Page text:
The Pueblo weather forecast office of the National Weather Service announced in mid-September that its radar site would be offline through the end of the month so that repairs to the mechanical system could be made.
Those repairs began Tuesday and are expected to take up to 10 days.
The Pueblo radar site is 22 years old. Normal wear over time caused the bull gear to fail.
The gear is a primary component for rotating the radar antenna, and is located in the pedestal. In order to replace the gear, the entire antenna assembly will be lifted. The assembly and its counter weights weigh over two tons. Nearly 15,000 pounds of replacement parts and equipment will be used in the repair process, all of which must be lifted into the radar dome.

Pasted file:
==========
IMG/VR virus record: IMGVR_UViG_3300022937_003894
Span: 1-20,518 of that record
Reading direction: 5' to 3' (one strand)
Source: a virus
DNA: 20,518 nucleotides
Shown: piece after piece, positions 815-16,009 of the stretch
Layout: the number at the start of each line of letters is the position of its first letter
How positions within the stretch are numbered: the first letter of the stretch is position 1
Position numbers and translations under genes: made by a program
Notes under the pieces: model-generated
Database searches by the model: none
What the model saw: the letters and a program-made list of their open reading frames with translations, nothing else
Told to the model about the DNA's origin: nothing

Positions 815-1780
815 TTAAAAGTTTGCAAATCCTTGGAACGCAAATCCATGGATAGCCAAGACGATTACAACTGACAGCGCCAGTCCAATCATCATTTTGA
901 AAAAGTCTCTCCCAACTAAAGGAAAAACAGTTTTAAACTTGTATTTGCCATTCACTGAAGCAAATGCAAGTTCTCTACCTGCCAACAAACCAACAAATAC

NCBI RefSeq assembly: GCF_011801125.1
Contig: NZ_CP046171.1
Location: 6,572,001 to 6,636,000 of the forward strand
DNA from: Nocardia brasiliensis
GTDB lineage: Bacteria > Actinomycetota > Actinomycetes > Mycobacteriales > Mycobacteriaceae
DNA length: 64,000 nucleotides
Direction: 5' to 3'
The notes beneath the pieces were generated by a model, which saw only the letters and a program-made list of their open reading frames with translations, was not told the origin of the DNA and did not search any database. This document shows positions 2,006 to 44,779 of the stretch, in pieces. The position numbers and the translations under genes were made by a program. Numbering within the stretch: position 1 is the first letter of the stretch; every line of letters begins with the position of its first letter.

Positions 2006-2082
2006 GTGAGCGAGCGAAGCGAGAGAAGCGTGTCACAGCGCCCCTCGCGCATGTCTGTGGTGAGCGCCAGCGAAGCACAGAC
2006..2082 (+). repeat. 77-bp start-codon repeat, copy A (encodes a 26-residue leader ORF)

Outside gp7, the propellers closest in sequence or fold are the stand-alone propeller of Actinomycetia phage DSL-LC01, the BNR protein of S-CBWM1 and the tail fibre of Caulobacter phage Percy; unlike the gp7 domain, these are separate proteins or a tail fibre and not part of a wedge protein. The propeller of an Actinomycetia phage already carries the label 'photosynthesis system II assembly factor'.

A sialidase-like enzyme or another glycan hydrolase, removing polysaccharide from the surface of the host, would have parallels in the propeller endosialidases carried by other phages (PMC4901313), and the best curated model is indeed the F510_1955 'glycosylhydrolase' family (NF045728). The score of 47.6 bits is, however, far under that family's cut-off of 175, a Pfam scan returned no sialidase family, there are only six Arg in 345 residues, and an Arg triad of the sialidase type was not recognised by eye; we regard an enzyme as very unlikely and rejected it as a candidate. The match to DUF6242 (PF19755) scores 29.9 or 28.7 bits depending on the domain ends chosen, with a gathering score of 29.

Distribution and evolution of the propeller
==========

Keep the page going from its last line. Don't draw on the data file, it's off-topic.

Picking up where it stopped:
An engineering team from the Radar Operations Center in Normal, Oklahoma, made the determination that the gear had been damaged, and a six-person team from the center will oversee repairs.
Pueblo's radar site is one of a network of 159 radar installations supported by the National Weather Services, United State Air Force and the Federal Aviation Administration.
Photo: damage to a bull gear similar to Pueblo's. Courtesy National Weather Service.